I am careful to say that woman has no grievance against man, I do not say she has no grievance. In common with all sentient creatures she does complain of the hard conditions of universal existence—conditions which it has been the long, slow effort of what we call civilization to amend and improve. The special hardship of the lot appointed to her by Nature is, that the pains, burdens, and weary cares that parentage imposes upon each generation, in order to provide for the succession of the race, have been unequally and cruelly laden upon one of the sexes. Through the long uncivilized ages, before man had wrung from niggard Nature any material comforts, any security against impending death, any leisure for thought, culture, or enjoyment, the conditions of the male and female were more nearly balanced in what each was called to endure. If on the latter fell the pangs of childbirth, and the long vigils of nurture for the feeblest younglings among living creatures, on the former came the brunt of internecine battles with fierce brutes and fiercer fellow-men. Civilization increasing the leisure, lightening the toil of man, and relieving him in a large degree from the wars in which he was mutilated and slain, has not been able, in any appreciable degree, to redeem woman from the primitive sufferings by which she consecrated her motherhood; and so the unequal fortunes of the two branches of the human race have become under the improved fortunes of the race more pronounced.
Woman does not put this into her bill of grievances, nor with her instinctive delicacy is she likely to do so. Symptoms that indicate disease sometimes mislead as to the character and actual seat of the disease. What woman will not ask for herself the respect and sense of justice of man must award her, and that is the complete sovereignty over all those functions engaged in the perpetuation of the race, insured by physical structure itself to the females of the inferior orders of living creatures. Woman has earned by her sufferings, by the enormous surplus of her contribution of time and strength and feeling to the maintenance of the family life, the right to control it, to initiate by her selection and the promptings of her own sentiments and preferences all its permitted intimacies. But all this, so difficult to formulate, must be left out in a discussion of a distinct though related subject.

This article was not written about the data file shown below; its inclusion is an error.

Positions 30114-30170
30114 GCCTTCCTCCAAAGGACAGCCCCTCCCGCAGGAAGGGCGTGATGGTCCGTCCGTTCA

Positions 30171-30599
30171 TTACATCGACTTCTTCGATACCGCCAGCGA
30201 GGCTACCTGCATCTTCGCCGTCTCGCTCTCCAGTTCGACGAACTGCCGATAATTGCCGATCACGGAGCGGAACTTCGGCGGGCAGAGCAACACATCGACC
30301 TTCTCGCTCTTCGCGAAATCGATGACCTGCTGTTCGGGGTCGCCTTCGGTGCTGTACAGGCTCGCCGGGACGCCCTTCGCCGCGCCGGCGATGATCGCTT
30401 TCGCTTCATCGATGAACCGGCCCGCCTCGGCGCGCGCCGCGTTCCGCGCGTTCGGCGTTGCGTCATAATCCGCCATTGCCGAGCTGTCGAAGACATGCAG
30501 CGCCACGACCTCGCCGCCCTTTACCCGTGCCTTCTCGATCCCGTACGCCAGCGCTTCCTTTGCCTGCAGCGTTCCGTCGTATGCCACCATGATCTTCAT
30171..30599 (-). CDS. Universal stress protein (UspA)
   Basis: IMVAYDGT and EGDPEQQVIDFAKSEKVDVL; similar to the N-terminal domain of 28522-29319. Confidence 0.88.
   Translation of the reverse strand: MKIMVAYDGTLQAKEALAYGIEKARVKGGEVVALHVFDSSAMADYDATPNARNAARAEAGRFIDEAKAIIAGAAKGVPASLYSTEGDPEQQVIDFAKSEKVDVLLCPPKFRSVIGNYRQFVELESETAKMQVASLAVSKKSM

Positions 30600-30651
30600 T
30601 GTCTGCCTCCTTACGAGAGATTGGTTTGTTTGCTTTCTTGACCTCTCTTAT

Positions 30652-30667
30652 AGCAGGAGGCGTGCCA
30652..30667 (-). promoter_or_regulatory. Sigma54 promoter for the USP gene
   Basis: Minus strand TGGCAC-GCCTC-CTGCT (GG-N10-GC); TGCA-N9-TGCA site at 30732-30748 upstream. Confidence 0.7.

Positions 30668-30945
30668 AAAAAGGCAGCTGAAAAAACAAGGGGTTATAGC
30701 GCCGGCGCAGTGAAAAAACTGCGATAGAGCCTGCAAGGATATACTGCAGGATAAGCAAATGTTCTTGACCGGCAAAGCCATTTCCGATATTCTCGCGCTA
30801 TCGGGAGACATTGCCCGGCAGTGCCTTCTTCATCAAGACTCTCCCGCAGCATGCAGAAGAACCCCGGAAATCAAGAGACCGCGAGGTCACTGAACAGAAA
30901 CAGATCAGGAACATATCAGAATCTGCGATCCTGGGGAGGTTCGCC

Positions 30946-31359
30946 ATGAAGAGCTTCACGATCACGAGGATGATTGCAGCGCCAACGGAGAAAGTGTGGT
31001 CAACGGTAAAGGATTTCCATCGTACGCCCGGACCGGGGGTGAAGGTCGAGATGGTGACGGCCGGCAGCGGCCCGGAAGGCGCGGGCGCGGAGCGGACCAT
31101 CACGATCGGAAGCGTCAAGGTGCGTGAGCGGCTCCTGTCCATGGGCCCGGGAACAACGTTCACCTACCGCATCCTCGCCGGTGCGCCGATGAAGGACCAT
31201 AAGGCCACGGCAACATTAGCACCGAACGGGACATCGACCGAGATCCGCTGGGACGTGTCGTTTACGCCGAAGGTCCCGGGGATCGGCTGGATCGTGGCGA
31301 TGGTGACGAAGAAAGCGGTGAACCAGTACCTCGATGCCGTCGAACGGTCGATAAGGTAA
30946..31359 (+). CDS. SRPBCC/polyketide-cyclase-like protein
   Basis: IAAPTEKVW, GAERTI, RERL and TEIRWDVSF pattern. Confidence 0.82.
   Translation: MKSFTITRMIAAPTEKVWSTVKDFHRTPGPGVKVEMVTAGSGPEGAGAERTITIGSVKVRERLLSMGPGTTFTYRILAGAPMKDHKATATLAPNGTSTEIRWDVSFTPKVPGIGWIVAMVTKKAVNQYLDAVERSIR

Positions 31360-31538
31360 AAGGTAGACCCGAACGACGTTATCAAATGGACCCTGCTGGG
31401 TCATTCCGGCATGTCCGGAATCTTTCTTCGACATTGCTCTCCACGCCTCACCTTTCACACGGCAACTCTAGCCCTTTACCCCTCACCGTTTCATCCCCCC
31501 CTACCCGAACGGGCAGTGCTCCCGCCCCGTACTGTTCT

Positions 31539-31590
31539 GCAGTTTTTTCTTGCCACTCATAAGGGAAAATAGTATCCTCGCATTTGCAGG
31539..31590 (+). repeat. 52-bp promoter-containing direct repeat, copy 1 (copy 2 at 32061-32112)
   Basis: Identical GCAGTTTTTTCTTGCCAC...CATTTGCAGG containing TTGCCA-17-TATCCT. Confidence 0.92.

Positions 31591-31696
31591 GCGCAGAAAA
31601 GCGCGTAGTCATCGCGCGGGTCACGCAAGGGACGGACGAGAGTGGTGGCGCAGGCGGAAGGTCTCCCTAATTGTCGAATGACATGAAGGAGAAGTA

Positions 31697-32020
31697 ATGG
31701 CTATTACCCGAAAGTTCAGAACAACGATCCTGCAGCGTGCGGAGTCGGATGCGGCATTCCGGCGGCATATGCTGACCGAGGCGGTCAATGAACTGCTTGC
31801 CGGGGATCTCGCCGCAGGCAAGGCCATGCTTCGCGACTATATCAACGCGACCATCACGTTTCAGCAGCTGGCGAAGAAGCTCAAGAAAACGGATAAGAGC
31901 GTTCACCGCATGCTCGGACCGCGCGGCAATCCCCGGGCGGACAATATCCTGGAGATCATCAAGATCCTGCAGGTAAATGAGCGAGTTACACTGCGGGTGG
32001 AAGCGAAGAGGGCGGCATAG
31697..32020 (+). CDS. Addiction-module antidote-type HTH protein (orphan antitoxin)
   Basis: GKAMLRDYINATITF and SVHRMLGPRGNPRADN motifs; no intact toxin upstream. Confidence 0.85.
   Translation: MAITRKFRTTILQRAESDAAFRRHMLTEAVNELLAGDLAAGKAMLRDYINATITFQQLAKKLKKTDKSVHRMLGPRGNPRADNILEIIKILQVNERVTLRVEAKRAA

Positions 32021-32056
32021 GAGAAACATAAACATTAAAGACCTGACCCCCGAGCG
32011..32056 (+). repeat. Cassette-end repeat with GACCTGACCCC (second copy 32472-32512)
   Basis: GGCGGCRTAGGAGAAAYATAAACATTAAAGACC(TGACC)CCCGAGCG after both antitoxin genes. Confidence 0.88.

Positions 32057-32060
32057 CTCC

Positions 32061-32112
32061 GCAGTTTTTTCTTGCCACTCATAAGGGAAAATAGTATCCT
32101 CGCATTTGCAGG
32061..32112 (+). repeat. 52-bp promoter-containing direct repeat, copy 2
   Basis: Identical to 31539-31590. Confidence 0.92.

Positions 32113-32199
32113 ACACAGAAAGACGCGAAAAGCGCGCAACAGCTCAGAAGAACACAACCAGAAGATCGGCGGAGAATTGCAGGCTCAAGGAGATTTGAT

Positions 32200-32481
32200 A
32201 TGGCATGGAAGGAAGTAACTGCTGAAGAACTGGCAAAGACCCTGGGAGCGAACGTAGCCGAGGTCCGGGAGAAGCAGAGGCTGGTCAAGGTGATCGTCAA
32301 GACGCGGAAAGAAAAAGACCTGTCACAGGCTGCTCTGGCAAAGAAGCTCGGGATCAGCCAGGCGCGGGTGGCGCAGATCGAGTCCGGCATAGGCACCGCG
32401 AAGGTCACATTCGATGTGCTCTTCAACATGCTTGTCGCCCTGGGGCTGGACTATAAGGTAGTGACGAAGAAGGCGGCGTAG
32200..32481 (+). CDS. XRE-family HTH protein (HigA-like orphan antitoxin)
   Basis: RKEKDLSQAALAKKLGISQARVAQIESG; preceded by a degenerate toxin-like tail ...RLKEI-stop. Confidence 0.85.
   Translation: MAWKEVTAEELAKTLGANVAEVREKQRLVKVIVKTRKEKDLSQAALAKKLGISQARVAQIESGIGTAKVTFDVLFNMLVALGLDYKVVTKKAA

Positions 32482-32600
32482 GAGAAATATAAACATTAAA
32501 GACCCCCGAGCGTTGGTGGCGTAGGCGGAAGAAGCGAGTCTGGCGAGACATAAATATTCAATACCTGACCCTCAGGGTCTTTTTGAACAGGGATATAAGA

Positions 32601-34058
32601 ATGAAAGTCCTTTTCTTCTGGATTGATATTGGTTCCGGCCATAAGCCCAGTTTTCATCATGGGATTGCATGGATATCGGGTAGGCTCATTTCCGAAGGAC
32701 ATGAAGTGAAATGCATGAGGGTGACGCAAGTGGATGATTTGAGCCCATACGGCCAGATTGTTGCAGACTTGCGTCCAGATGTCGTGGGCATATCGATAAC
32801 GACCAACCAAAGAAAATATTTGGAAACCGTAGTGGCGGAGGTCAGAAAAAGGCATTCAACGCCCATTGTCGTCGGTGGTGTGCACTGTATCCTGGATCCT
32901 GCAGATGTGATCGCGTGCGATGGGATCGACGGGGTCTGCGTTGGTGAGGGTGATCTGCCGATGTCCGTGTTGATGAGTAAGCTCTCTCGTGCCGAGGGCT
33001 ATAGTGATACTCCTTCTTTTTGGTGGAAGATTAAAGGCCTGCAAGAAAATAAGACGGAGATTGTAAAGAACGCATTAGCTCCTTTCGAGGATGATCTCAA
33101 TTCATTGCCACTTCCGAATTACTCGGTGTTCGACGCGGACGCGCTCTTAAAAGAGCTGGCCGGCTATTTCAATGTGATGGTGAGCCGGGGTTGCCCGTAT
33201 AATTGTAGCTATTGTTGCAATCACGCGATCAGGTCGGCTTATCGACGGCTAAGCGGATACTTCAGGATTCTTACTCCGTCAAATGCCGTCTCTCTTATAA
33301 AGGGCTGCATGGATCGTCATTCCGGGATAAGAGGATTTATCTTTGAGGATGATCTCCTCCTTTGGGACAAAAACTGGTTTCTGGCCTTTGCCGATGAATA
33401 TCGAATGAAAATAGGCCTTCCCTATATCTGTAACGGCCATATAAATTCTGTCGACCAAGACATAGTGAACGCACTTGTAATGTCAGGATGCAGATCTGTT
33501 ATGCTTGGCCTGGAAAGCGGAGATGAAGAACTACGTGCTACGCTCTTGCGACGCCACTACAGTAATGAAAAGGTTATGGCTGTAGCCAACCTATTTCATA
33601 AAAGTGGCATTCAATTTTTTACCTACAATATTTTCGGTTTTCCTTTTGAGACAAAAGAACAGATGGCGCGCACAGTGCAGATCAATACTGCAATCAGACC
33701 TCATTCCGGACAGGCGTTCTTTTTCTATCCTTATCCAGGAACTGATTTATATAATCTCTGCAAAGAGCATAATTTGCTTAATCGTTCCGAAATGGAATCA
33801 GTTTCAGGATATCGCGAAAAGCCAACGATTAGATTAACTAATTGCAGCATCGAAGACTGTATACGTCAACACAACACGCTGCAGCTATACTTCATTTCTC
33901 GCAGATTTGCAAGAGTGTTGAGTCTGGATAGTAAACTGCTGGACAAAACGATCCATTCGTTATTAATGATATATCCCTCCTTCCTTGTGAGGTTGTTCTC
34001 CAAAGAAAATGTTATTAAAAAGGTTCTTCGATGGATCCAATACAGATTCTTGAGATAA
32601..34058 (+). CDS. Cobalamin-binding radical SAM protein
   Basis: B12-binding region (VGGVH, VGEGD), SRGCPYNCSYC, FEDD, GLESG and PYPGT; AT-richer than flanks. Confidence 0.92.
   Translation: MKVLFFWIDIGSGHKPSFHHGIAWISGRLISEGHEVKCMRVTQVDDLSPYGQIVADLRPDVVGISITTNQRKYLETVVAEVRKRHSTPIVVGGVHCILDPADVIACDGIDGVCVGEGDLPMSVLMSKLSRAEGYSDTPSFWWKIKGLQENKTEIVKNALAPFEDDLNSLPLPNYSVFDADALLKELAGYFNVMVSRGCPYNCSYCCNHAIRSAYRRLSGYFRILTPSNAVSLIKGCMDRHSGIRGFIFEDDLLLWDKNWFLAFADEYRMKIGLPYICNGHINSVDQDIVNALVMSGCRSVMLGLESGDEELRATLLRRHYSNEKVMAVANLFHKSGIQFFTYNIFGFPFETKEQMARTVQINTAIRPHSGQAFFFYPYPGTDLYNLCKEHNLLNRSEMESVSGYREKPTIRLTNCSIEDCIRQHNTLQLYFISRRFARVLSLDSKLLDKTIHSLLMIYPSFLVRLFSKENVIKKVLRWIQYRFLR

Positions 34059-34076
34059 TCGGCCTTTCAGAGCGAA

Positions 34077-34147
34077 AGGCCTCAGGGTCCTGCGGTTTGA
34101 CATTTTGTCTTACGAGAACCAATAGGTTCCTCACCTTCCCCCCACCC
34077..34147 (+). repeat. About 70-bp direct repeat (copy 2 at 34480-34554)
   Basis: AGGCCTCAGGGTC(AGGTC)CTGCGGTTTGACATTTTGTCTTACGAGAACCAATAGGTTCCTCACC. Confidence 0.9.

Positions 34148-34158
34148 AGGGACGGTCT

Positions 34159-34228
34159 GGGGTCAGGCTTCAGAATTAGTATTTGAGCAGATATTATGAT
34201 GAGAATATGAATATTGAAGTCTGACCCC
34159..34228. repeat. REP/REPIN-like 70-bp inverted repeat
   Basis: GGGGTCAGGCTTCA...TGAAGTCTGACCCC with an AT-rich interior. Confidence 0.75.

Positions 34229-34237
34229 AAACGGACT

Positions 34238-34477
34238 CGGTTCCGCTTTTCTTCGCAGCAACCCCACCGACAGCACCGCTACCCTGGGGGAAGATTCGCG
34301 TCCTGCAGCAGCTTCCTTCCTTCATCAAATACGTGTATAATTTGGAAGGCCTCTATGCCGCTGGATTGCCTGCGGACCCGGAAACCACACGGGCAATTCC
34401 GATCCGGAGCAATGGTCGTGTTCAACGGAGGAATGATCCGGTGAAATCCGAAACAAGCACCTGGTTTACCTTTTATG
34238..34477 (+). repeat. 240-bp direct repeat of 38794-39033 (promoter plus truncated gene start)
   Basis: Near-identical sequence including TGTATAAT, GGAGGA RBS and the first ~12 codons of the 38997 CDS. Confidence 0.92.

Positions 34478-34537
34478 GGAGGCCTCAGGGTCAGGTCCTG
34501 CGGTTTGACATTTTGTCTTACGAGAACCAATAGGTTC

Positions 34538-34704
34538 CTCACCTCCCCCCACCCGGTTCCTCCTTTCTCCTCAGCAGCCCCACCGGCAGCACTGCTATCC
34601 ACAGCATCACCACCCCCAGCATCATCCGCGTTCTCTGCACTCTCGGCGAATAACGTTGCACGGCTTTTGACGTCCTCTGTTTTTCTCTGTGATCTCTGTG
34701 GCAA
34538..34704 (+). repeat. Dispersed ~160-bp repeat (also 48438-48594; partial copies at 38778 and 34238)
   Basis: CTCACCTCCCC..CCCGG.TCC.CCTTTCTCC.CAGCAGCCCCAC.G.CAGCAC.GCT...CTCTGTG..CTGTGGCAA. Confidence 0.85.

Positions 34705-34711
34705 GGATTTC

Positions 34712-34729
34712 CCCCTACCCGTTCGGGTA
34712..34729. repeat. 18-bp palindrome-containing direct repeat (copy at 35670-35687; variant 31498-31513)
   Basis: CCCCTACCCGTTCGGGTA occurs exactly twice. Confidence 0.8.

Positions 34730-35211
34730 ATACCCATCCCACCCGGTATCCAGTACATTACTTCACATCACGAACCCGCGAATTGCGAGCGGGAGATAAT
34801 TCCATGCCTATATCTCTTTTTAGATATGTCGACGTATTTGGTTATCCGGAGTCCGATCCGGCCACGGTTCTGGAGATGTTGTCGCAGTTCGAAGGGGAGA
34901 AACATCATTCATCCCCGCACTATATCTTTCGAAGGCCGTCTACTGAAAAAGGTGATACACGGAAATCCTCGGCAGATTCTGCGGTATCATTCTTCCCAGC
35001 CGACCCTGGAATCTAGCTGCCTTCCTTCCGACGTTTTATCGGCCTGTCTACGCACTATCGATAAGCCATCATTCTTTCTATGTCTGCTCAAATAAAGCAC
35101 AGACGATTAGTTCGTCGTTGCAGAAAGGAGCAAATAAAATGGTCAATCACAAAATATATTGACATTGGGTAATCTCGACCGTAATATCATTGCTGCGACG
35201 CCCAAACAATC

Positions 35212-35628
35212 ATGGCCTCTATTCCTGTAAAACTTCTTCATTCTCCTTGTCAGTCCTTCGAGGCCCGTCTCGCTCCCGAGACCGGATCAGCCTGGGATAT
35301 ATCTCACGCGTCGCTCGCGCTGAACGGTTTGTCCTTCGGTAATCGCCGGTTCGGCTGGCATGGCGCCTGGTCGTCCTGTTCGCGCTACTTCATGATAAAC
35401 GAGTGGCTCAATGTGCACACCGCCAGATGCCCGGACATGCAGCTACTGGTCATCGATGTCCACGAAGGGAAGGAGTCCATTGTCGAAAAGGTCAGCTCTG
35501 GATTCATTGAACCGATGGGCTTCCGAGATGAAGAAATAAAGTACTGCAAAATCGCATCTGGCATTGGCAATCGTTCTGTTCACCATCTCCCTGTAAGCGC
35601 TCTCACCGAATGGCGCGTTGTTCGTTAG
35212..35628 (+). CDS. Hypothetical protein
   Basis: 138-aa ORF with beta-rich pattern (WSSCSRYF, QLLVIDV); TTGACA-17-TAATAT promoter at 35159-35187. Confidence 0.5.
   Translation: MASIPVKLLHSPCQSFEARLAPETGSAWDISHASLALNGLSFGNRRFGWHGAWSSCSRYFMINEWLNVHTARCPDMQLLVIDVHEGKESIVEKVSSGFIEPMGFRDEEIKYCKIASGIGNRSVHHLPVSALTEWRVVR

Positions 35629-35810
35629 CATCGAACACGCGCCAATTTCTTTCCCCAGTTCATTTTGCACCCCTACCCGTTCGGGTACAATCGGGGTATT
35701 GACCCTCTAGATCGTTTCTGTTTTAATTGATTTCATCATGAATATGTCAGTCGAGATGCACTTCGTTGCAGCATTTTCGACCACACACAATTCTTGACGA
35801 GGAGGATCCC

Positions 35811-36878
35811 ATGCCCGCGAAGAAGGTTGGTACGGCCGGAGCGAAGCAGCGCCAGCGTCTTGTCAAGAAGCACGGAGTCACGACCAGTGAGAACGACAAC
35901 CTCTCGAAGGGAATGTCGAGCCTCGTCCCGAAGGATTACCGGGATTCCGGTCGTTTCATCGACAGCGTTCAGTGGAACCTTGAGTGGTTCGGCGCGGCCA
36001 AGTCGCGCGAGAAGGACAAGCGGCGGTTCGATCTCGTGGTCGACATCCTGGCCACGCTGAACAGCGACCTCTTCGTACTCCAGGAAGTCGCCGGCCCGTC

Leaving out, then, whatever offense a cruel Nature has committed against woman, let us see if men have fairly acquitted themselves of their natural obligations to her. Take the present legal status of woman. Since men began to make laws they have made them for women, and in what situation has their deliberate sense of justice left women before the law? One after the other they have obliterated from the statute book all laws that discriminated against women in respect to their personal rights, and